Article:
LOCAL pop sensation Ryan Koriya will tomorrow release a collection of hit songs which he believes will reduce tension over the mounting terrorist attacks around the world.
by KENNEDY NYAVAYA
Koriya, popularly known as Soul Mechanic on the showbiz scene, self-produced the seven track EP project that will be available for sale on digital media sites including iTunes, Amazon, Deezer and Spotify.
The collection that was initially launched five years ago under a different title revolves around themes of hope, emotion and triumph.
Some of the songs on the EP album are Exsouliation, Ballrooms in the Sky, Dark Days, London’s Burning, Bruised Fingertips, Lonely Dancer and the title track Mirrors Don’t Work in the Dark.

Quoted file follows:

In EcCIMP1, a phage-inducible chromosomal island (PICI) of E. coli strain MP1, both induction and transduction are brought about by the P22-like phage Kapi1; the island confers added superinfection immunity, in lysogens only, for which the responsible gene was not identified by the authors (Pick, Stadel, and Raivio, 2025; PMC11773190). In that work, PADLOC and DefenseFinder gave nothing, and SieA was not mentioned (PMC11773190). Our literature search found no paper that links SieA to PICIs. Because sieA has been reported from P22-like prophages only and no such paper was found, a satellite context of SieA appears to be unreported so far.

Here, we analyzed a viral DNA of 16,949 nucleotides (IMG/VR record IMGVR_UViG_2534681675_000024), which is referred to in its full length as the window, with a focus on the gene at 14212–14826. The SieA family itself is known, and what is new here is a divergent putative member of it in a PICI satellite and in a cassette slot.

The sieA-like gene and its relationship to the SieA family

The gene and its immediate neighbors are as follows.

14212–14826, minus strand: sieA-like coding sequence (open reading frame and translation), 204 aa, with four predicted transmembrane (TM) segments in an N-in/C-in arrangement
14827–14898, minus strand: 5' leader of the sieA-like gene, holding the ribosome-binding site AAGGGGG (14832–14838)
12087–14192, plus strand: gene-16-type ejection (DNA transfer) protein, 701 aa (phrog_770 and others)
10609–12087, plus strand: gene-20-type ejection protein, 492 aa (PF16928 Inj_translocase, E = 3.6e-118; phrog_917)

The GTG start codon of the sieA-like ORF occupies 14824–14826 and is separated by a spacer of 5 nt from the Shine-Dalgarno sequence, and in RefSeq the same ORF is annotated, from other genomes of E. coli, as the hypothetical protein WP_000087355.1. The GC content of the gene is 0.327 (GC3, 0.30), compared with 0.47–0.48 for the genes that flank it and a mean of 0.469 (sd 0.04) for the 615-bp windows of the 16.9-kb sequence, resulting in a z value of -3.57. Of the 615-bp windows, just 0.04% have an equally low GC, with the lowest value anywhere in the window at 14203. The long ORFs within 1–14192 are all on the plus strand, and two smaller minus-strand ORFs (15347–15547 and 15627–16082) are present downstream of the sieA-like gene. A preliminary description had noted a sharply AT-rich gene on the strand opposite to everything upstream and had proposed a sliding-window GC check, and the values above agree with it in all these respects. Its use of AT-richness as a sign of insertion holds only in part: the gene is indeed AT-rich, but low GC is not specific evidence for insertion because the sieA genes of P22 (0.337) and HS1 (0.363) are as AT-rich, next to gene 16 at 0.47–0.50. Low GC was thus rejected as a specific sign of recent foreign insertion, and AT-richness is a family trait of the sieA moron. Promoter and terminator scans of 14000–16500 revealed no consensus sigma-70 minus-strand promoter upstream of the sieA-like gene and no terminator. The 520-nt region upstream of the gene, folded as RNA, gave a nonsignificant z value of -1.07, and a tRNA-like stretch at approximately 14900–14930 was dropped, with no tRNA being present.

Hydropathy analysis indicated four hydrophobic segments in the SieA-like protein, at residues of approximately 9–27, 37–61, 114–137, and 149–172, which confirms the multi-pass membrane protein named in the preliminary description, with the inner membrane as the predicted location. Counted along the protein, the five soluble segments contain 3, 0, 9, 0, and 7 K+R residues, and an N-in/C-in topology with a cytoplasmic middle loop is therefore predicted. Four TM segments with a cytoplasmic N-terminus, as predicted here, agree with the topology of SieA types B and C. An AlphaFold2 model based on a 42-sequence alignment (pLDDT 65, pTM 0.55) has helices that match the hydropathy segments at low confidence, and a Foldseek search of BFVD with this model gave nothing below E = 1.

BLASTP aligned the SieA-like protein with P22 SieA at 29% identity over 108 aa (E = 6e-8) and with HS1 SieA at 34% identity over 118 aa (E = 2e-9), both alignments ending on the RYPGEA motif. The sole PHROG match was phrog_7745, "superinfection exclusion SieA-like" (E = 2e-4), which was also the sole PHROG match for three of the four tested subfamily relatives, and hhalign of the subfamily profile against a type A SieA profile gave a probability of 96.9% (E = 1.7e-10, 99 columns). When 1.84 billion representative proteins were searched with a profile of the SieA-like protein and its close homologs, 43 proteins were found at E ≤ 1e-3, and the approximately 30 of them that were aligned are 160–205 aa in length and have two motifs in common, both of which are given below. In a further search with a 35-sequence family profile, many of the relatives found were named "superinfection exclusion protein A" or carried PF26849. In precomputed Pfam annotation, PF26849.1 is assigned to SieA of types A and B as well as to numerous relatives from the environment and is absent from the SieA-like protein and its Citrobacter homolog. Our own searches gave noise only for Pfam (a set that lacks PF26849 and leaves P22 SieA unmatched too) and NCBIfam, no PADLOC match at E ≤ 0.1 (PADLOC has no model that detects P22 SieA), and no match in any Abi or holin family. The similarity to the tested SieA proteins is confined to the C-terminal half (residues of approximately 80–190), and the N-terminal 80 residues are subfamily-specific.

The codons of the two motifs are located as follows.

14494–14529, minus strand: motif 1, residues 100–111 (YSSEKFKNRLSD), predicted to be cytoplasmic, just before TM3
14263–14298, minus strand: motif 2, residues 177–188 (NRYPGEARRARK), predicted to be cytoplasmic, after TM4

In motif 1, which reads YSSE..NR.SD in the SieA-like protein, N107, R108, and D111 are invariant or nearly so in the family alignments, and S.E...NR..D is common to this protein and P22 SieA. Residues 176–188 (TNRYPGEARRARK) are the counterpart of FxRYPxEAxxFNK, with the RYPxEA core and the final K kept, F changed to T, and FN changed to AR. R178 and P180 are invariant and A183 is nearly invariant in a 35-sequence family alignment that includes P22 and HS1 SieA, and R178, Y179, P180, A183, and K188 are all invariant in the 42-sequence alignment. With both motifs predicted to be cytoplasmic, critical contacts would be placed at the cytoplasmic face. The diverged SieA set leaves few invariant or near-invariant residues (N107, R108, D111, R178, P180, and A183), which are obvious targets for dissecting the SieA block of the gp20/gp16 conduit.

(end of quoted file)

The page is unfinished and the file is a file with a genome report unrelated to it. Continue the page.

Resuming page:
The globetrotting musician who is currently in Denmark told The Standard Style that the launch of the project could possibly win him a new audience.
“After the turbulent times I decided to prescribe the EP to help people heal in a meditative way,” Koriya said.
“The healing aspect of my music is not just in the songs, but also in the tone of the voice and the vibrations that my music produces.”
Having performed across the world, Koriya still feels he has a mandate to tell the real African story through music.
“I have been interacting with various people both from Zimbabwe and Africa on my tours, getting their views on what they think being African means, unlike letting the world tell us what Africa is,” he said.
The musician, who has continued to carve his niche exceptionally by performing at international festivals and concerts around the globe is confident that this year will mark yet another tide in his escalating career.
“This year I am planning to go commercial, releasing more music, an acoustic project and hopefully do some collaborations.
“I will also be releasing more videos and making my documentary, which will also be tied to my African Astronauts project,” Koriya said.